For five years McLaren F1 Team had been the laughing stock of Formula 1 with the Honda experiment being a complete disaster and a succession of team managers who all failed to repair the damage left behind by Martin Whitmarsh.
2019 saw McLaren find it’s feet once again in the higher echelons of Formula 1 with their fresh driver line up of Carlos Sainz Jr. and Lando Norris becoming fan favourites on and off the track.
The team finished in fourth place in the constructor’s championship their best since 2014 and the Woking-based team’s first podium since Melbourne 2014, with Sainz scoring third in Brazil after a great comeback drive after starting last on the grid.
High Point of the Season – The Smooth Operator comes good in Brazil
McLaren and Sainz had both waited for years for a podium with several near misses in the past, causing a feeling around both camps that they were doomed to extend their streak of never reaching the podium.
The streak looked set to extend in Brazil after Sainz’s McLaren suffered an ignition wiring issue which caused his McLaren to be brought back into the pits unable to set a lap time in qualifying, with McLaren electing to gamble on a new power unit for the race.
Sainz drove an empathetic race from last place, carving his way through the order to finish fourth on the road.
The Spaniard then got his podium hours later after Lewis Hamilton was given a five-second time penalty for hitting Alexander Albon in the dying laps of the race, promoting Sainz to third to wild celebrations in the McLaren garage and on the podium.
Low Point of the Season – Mexican calamity
In a season with so little blemishes, Mexico was nothing short of a disaster as they threw away double points finish after a good qualifying.
The race was nothing short of a disaster with Norris being let out his pitstop early without all four wheels secured tightly, Norris was chased down the pitlane by his mechanics who hurriedly pushed him back into the McLaren box to fix the error.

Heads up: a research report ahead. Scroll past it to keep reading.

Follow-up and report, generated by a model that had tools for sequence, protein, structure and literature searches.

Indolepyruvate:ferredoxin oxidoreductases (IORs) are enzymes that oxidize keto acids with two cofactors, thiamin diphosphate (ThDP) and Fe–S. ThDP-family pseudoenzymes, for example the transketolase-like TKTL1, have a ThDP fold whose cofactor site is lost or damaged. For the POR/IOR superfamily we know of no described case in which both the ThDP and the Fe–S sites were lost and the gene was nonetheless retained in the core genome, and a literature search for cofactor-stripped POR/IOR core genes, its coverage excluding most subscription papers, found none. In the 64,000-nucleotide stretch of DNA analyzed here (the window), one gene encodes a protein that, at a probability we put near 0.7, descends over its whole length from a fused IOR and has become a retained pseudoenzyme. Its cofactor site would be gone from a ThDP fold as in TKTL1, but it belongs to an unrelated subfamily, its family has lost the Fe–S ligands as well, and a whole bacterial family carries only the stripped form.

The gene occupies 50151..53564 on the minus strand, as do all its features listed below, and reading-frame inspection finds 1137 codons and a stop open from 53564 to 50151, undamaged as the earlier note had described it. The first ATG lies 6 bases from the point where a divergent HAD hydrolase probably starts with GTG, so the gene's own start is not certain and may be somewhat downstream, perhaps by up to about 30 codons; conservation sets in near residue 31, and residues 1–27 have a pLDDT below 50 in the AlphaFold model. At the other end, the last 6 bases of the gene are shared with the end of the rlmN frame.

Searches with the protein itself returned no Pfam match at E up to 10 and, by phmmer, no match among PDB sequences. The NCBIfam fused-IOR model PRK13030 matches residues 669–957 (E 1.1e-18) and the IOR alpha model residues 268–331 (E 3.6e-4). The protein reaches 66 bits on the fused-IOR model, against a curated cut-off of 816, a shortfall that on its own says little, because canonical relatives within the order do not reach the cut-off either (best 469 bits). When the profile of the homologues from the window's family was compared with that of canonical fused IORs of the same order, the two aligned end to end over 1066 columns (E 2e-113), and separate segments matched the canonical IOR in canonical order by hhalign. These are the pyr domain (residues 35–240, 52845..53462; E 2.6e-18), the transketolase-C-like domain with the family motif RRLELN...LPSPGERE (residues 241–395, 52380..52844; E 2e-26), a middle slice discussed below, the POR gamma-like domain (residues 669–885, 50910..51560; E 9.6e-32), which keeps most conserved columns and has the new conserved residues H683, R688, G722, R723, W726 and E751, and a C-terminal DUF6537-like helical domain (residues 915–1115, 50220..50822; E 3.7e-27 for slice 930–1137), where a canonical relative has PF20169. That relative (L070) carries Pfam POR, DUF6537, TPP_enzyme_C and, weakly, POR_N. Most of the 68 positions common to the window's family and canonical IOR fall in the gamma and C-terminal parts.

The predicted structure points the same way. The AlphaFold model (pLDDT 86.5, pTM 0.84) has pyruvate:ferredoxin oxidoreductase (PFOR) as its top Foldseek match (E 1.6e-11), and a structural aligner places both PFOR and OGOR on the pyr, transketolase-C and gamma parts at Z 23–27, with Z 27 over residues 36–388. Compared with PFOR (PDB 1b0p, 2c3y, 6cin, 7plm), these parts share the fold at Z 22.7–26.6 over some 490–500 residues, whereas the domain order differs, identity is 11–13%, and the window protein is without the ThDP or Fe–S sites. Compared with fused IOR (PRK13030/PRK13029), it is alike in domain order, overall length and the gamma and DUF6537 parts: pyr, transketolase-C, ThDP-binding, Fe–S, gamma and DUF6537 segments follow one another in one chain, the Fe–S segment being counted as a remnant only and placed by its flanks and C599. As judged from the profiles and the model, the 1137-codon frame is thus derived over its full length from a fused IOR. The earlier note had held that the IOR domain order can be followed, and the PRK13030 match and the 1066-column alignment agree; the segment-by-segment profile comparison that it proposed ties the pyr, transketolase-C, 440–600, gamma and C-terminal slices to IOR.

From then on McLaren’s race went downhill, as Norris went a lap down, and was then under investigation for a pitlane infringement, whilst Sainz fell down the order and quickly lost ground with the midfield battle.
Eventually, Norris was retired and Sainz only managed thirteenth place, making Mexico the first race since Belgium that McLaren hadn’t scored a point.
Norris came out on top of the qualifying battle between teammates, with the Brit making Q3 fourteen times out of the twenty-one qualifying sessions this season.
In contrast, Sainz at times struggled with qualifying, failing to make Q3 seven times this season, the result of which saw Sainz lose the qualifying battle 11-10 overall to Norris.
Norris may have won the qualifying battle but Sainz won the race battle, the Spaniard outscored Norris by almost double the points the Brit had earned over the season.
Sainz scored ninety-six points and a best finish of third whilst Norris scored forty-nine points and a best finish of sixth.
Sainz earned a big bulk of those points through his charges from the tail end of the grid which earned his nickname of the smooth operator, whilst Norris struggled in some races where the McLaren occasionally failed to handle it’s tires properly.
What to look out for in 2020
The only way is up for McLaren, with the Mercedes engines arriving in 2021, a driver lineup who get on like a house on fire and with a top team manager in Andreas Seidl poached from Porsche’s sportscar programme, it would be wrong to write off McLaren to get more podiums.
The only issue that might hinder McLaren is with expectations up, 2020 might be a tougher year for Norris and Sainz and with added pressure comes pressure on the pair’s relationship, and it could get to the point where the bromance between the two hits the buffers.